Actually, I suppose it’s all quiet at all polls for now. We’ve stopped by about six today, and few reported more than 70 voters per electoral district. But that’ll be heating up as the evening draws near, and people head to the booths after work.

Meanwhile, our woman in the field, Brooklyn Independent Television’s Natasha Gaspard, found a rare breed in the Orthodox section of Midwood: a liberal voter.

Debra Burke was one of the few who have so far hit the 1215 Avenue O voting site, and remarked about how she’s a bit of an odd duck for the area.

“I’m actually am on the other side of the issues because I happen to be liberal. This is a very conservative neighborhood and I happen to be liberal,” she said. “I believe in public schools and equal civil rights.”

Burke didn’t say who she voted for, but did say she had been turned off a bit by the pamphleteering in the past few weeks.

“I’ve been so annoyed by all of the phone calls and pamphlets. Right now, I don’t really like any of them,” she said.

Polls are open until 9:00 p.m. tonight. You can find your polling site here.

This post is published in partnership with B Civil, Brooklyn Independent Television’s online political portal. BIT producer Natasha Gaspard will be sending on-the-ground updates to us throughout the day from various polling sites in an effort to keep readers informed of polling conditions, and remind them to vote.


Tzipporah Simon being interviewed about her vote by BIT.

The following post is published in partnership with B Civil, Brooklyn Independent Television’s online political portal.

Polls opened at 6:00 a.m. today, and the first round of voters have already pulled the lever at their local voting site.

Poll workers at the St. Mark School poll site (2602 East 19th Street) told Sheepshead Bites that it’s been a quiet morning with few problems – and few voters. As of 10:15 a.m., turnout was beginning to increase.

Tzipporah Simon of Sheepshead Bay was one of the first to pull the lever there this morning.

“I voted for Theresa Scavo. I think that when she was a Community Board leader, she was passionate and remained passionate,” Simon said.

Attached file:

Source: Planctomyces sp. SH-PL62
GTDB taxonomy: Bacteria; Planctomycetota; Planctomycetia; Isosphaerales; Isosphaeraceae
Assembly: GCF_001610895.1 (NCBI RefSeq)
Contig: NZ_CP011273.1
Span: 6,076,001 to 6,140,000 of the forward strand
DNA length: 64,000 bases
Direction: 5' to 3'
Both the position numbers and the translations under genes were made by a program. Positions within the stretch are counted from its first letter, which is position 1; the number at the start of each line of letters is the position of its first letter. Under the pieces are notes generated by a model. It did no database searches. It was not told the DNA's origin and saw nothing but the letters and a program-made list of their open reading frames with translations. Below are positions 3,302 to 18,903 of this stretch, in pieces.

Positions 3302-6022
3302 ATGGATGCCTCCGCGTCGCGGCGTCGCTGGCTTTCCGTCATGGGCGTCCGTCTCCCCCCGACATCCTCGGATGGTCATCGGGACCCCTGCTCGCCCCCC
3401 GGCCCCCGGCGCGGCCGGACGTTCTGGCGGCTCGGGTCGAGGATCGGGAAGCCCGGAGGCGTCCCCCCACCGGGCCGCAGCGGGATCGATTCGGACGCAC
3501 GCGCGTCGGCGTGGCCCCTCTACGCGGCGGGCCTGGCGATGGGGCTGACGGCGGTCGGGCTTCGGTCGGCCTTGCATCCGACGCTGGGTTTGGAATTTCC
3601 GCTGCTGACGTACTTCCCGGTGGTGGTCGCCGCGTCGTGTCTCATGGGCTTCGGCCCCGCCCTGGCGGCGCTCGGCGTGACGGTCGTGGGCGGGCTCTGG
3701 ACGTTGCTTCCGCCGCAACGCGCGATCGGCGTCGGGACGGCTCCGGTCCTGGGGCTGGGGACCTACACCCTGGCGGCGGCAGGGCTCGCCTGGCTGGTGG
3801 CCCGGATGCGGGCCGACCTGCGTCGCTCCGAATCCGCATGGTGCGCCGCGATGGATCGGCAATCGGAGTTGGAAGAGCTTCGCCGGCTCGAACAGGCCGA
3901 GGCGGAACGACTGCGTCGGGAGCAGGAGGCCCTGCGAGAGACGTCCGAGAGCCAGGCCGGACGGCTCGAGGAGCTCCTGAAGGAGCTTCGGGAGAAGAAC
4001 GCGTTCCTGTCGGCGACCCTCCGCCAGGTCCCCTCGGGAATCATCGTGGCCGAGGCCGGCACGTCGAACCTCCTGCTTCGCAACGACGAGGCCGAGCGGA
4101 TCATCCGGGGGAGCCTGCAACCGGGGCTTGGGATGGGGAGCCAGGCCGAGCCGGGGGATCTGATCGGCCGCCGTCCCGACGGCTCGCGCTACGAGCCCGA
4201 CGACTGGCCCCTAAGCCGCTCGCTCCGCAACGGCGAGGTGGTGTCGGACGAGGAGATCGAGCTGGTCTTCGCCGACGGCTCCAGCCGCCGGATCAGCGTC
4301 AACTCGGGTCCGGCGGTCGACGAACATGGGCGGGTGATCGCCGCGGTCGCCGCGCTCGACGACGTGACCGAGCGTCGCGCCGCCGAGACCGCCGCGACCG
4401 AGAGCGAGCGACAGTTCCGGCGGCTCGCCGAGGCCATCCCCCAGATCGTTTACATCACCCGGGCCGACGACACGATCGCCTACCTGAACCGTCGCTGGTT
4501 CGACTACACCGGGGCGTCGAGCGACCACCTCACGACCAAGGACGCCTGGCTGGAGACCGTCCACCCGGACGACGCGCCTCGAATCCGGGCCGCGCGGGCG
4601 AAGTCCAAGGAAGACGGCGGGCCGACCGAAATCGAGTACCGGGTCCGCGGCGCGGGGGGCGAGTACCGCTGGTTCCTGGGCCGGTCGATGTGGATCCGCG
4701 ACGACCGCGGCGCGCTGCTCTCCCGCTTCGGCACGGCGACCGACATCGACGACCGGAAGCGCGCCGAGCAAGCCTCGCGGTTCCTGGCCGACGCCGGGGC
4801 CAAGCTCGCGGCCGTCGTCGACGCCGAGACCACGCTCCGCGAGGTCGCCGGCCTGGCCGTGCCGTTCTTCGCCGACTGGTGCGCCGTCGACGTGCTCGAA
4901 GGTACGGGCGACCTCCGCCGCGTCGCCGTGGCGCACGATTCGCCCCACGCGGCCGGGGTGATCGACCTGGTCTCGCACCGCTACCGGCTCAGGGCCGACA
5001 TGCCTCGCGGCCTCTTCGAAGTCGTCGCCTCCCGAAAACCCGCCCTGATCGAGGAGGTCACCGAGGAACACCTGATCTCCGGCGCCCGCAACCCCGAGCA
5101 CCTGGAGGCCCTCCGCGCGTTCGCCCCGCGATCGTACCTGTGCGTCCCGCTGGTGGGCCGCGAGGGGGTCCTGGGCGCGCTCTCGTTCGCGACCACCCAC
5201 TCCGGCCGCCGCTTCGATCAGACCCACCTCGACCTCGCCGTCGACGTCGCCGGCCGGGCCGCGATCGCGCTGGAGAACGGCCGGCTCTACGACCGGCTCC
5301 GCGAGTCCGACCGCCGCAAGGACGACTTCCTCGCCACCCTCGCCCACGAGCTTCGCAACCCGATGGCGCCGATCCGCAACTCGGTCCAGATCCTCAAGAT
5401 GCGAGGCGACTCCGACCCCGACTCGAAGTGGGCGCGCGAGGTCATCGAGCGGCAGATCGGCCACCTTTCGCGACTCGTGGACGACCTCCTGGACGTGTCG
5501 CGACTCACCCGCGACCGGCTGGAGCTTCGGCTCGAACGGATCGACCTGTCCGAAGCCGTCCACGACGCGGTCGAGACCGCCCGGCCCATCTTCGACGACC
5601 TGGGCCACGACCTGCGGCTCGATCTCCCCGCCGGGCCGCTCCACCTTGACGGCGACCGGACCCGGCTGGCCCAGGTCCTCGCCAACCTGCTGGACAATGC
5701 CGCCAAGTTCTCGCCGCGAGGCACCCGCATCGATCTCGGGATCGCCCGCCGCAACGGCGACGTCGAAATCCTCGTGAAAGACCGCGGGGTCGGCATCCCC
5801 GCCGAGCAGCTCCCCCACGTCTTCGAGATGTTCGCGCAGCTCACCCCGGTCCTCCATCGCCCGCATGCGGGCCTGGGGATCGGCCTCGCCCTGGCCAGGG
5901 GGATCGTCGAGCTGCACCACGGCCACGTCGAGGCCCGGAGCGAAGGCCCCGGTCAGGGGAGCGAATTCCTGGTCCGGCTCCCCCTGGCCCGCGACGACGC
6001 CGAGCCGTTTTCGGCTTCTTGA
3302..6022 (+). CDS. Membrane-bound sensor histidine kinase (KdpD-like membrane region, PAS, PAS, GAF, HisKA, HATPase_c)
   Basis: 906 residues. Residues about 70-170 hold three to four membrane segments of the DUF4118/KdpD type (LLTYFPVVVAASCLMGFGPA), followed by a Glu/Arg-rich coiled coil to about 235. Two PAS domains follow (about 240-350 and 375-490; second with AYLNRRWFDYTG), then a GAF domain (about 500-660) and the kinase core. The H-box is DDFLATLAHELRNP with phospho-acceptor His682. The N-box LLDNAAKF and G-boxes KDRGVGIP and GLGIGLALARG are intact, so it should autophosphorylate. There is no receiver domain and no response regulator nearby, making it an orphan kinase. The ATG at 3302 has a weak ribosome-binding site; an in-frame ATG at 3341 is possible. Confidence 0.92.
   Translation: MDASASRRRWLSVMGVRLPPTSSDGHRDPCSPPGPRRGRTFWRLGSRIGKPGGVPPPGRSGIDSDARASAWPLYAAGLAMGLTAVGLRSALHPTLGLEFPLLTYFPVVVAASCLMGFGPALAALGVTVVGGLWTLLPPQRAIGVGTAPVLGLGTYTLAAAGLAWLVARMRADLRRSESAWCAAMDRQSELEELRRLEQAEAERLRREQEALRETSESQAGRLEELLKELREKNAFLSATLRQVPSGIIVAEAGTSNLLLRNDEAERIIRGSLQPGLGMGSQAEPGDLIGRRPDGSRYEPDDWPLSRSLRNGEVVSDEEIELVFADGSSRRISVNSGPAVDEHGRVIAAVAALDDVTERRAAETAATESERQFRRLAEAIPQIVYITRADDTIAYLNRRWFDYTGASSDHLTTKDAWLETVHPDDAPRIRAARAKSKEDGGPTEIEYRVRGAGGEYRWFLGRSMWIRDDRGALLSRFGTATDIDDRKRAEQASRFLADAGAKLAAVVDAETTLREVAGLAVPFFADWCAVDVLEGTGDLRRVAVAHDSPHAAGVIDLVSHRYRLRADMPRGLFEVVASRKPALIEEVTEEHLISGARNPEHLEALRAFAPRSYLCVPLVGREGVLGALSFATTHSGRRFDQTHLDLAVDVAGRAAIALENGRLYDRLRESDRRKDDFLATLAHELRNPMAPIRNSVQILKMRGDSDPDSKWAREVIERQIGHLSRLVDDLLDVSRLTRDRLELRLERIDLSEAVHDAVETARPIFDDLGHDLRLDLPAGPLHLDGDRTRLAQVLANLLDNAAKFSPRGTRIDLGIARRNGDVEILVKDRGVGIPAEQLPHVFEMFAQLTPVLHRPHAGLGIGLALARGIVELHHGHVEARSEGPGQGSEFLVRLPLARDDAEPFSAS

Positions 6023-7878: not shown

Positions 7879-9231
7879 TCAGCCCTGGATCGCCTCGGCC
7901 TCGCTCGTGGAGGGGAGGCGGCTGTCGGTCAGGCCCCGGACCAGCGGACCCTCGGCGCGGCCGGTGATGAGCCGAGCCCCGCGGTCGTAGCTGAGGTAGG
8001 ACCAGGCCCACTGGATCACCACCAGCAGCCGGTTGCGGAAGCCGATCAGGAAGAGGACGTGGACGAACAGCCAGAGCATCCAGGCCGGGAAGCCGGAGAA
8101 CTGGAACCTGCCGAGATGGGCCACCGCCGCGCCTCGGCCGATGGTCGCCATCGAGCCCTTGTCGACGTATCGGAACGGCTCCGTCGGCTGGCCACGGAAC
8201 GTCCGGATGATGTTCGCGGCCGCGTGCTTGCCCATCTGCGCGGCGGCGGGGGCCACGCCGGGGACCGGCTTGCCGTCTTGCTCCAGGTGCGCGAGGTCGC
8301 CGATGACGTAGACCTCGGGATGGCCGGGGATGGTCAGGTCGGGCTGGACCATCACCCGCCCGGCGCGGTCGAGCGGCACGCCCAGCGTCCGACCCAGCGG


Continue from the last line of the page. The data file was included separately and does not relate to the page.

The choice was more difficult in the mayoral elections, Simon said.

“For Mayor, I was kind of undecided. I made a begrudging choice. Mayor is a tough call this year,” she said.

In contrast to the calm scene at St. Mark School, a reader tells us the I.S. 381 (1599 East 22nd Street) polling site in Midwood is chaotic.

“I was sent to the wrong table, there was poll worker confusion,” our reader said. “No superviser was sent to train the workers.”

He said when he finally tried to vote his machine was broken, which spurred an argument with poll workers. Police pulled him aside to calm him down, and moments later a poll worker came over to ask when his break would be.

Please e-mail tips [at] sheepsheadbites [dot] com as you vote and tell us about the conditions at your voting site.

Polls are open until 9:00 p.m. tonight. You can find your polling site here.

This post is published in partnership with B CivilBrooklyn Independent Television’s online political portal. BIT producer Natasha Gaspard will be sending on-the-ground updates to Sheepshead Bites throughout the day from various polling sites in an effort to keep readers informed of polling conditions, and remind them to vote.


Natraj Bhushan

Vying for the Democratic nomination to replace term-limited Michael Nelson in the City Council’s 48th District, Natraj Bhushan is making technology the cornerstone of his platform, saying that a councilman’s office should be a hub for information and innovation.

The 27-year-old Brighton Beach native, son of an Indian father and Pakistani mother, has provided legal assistance to constituents in Nelson’s office during and after Superstorm Sandy. He later moved on to providing services at Councilmember Leory Comerie’s office. His experience in those roles, he said, has inspired him to conceive of software to better empower residents through adding transparency and efficiency to constituent services.